27. 27. Adaptation Index: Proofs• Eosinophils are inverselyrelated to theefficiency of ACTH activity in its adaptiveresponse to stress1• ACTH stimulates cortisol activity• Cortisol stimulates eosinophil apoptosis• Cortisol resistance occurs during chronicstimulation of the adrenal gland, or duringsevere cases of acute illness31) Giembycz MA, Lindsay MA. Pharmacology of the eosinophil. Pharmacol Rev. Jun1999;51(2):213-340.2) Beishuizen A, Vermes I, Hylkema BS, Haanen C. Relative eosinophilia andfunctional adrenal insufficiency in critically ill patients. Lancet. May 151999;353(9165):1675-1676.)3) Miller GE, Cohen S, Ritchey AK. Chronic psychological stress and the regulationof pro-inflammatory cytokines: a glucocorticoid-resistance model. Health Psychol.Nov 2002;21(6):531-541.
  28. 28. Adaptation Index: Proofs• Cortisol resistance has two effects:• Elevated ACTH activity to stimulate more cortisolproduction• Loss of tonic inhibition of eosinophils, resulting ineosinophilia1• Eosinophilia is correlated with severity of criticalillness21) Giembycz MA, Lindsay MA. Pharmacology of the eosinophil. Pharmacol Rev. Jun1999;51(2):213-340.2) Beishuizen A, Vermes I, Hylkema BS, Haanen C. Relative eosinophilia and functional adrenalinsufficiency in critically ill patients. Lancet. May 15 1999;353(9165):1675-1676.)
  29. 29. Adaptation Index: Proofs• Monocytes are inversely related to the efficiency ofFSH activity during adaptation to stress1• Mechanism:• FSH levels are proportional to estrogen• Estrogen suppresses monocyte production2• Monocytosis during stress indicates ineffective FSHactivity (even if serum levels are elevated) and iscorrelated with increased mortality3, which isreflected as a LOW Adaptation index1) Ziegler-Heitbrock L. The CD14+ CD16+ blood monocytes: their role in infection and inflammation. JLeukoc Biol. Mar 2007;81(3):584-592.2) Harkonen PL, Vaananen HK. Monocyte-macrophage system as a target for estrogen and selectiveestrogen receptor modulators. Ann N Y Acad Sci. Nov 2006;1089:218-227)3) Fingerle G, Pforte A, Passlick B, Blumenstein M, Strobel M, Ziegler-Heitbrock HW. The novel subset ofCD14+/CD16+ blood monocytes is expanded in sepsis patients. Blood. Nov 15 1993;82(10):3170-3176.
  30. 30. Cardiovascular Disease(CVD)An Endobiogenic Approach
  31. 31. Uniqueness ofVasculature• Vascular system unique system in body:• Ubiquitous throughout the body• Controlled by chemo-, baro-, hormonal, CNS factors• Endocrine and paracrine system itself• Means of transmission of information and nutrition• Subjects global system to local phenomenon• Participates in initiating and responding to localevents• Contains a homunculus of itself: vasovasorum
  32. 32. Vascular Disease:Atheromas• When treating atheromatous lesions one mustdistinguish between:• Ontology: the true reason for the dysadaptation• Etiology: mechanisms of response to the dysadaptation• Primary: Endocrine, Neurovegetative (NV)• Secondary: Paracrine, autocrine, adaptive elements,pathophysiological• Finality: the end result of the dysadaptation
  33. 33. Limitations of Etiology-basedtreatments• Cardiologists classically have focused on the mechanismsof plaque formation rather than the reason for plaqueformation:• Neuro-Vascular: Alpha-, beta-sympathetic activity• Energetic elements: Cholesterol, HDL, LDL, TG, Glucose• Lipids are a necessary but not sufficient factor for atheromatousdisease• Hyperlipidemia ≠ Dyslipidemia• Pathophysiological mediators: Inflammation, Freeradicals, Nitric Oxide, homocysteine, etc.• Thus, we have failed to identify the fundamentalfactors that allows atheromas to form in one patientand not another, all screening factors beingequal, such as age, BMI, cholesterol and blood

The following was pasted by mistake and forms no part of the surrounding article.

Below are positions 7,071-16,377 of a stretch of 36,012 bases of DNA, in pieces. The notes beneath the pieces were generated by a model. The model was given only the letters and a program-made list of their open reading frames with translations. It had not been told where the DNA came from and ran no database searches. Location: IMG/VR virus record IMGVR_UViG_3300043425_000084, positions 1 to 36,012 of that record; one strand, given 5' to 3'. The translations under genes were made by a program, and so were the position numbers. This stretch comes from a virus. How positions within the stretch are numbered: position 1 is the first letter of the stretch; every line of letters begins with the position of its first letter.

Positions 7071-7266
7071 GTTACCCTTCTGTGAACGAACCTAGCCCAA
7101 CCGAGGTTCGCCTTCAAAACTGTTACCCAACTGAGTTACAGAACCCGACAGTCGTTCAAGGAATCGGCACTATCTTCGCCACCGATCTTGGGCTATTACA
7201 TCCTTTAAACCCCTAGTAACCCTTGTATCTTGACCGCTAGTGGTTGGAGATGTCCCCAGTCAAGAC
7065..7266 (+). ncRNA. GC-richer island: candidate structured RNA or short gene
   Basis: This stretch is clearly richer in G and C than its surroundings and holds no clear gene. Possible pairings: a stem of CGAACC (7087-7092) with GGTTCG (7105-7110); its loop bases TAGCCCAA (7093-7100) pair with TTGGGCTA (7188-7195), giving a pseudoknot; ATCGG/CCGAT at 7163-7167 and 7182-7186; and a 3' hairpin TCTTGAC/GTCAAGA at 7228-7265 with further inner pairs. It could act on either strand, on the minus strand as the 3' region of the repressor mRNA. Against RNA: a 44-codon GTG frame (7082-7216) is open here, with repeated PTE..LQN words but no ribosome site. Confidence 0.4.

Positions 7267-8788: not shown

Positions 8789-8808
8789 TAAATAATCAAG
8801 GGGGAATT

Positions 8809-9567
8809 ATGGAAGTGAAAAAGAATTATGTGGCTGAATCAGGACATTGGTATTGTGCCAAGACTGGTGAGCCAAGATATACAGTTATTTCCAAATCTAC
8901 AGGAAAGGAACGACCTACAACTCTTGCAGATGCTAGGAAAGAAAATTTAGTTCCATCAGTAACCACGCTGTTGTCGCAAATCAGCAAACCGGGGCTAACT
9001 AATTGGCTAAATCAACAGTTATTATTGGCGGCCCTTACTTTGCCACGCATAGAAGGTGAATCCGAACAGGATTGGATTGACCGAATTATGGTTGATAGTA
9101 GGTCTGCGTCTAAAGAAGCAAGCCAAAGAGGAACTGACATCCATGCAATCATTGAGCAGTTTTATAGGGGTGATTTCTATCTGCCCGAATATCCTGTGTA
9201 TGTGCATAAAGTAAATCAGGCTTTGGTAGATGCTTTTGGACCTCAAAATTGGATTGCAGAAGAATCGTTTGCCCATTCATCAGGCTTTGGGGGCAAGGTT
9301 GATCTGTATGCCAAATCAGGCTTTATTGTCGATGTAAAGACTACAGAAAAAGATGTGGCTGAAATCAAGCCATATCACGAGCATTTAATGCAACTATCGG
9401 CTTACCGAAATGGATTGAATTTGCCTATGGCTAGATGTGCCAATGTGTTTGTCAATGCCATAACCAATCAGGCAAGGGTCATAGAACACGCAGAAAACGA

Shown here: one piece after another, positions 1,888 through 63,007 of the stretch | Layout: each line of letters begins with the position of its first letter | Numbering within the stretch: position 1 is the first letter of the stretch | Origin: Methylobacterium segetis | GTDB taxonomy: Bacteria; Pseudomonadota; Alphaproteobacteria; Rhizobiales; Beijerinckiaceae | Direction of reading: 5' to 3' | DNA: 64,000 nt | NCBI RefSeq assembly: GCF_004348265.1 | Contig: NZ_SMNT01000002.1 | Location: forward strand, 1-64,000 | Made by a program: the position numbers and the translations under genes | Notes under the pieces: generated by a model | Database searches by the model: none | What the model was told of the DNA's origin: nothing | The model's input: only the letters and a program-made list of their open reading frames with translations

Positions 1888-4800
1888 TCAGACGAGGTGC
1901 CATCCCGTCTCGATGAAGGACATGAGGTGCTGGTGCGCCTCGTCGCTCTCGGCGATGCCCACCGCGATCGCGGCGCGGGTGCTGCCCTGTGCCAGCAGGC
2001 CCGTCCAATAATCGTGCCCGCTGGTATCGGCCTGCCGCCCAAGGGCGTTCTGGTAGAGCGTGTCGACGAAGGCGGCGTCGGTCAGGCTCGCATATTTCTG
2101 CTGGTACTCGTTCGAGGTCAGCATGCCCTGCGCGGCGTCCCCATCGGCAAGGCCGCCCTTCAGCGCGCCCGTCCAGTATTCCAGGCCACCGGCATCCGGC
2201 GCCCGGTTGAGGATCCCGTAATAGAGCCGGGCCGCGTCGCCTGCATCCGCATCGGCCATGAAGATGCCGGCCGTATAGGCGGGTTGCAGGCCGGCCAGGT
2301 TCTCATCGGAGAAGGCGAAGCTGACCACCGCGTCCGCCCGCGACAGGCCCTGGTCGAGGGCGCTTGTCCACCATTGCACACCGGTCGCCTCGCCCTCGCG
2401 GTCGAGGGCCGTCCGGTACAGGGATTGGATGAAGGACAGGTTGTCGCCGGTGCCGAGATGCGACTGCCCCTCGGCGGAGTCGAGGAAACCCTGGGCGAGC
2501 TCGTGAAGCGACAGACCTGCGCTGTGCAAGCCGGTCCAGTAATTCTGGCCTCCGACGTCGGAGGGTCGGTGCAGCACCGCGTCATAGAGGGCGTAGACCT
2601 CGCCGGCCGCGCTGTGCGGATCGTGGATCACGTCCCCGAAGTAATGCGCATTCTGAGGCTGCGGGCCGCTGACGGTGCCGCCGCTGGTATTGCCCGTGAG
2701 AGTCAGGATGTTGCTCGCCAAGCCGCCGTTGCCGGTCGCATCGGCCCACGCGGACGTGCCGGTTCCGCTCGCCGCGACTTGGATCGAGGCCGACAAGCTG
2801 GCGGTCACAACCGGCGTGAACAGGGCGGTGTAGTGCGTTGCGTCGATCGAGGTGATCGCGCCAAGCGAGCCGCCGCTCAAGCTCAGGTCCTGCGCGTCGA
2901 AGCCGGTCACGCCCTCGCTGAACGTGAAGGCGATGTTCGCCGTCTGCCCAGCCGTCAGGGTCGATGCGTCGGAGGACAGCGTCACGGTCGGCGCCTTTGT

34. 34. Limitations of Etiology-basedtreatments• Treating local phenomena globally with beta-blockersand statins have lead to reduction in CV events, but ata global cost, such as increased risk of stroke andloss of libido, muscle wasting, respectively.• The entire body is subjected to suppression of factorswhich are still adaptive and beneficial for the globalorganism, but not for a particular part of the body• The failure to identify and treat the true causes of CVplaques results in anomalies such as “low risk”patients having fatal MI’s and “high risk” patients livinglong, healthy lives
  35. 35. Endobiogenic approach• True cause of atheromatous plaques is dysadaptiveendocrine response to local needs for increased nutrition:• Internal or external aggressors (viruses, emotionalstressors, tobacco smoke, heavy metals)• Times of restructuring of the body (menopause, andropause)• If the response to anabolic requirements is badly managedby the body, or the demand is prolonged or the body is notable to return to its previous homeostatic thresholds ofendocrine response, a dysmetabolic response ensues• This is the true ontology of disease because endocrinesystem manages all metabolic activity of the body
  36. 36. Etiology of Atheromas• Local tissue or organ demand for anabolic adaptation demandsincreased nutrient delivery:• CATABOLIC: ACTH Cortisol: liberates glucose byglycogenolysis for generation of ATP; TSH Thyroid: liberateslipids for energy and cell wall building• ANABOLIC: ProlactinInsulin: increases nutrient penetrationinto cells; FSH/LH Estrogen and Testosterone: anabolicsteroid for protein incorporation and utilization in the cell• Histamine: capillary leakextravasation of nutrients into extra-cellular matrix• Aldosterone: improve electrolyte presentation to cells, increasecirculating blood volume• HTN: post-capillary increased duration of nutrient presentation
  37. 37. Etiology of Atheromas Vasculature as transportation medium for thesefactors carries them from local area of need, creatingsystemic inflammation Vasculature has greatest exposure to thesemediators, thus endothelium becomes damaged bythese mediators Now that catabolic and anabolic activities are dysregu-lated, with increased glucose, lipids andinflammation, vasculature itself undergoes hyper-anabolic repair of damaged endothelium and mediasmooth muscle proliferation and atheromatousplaques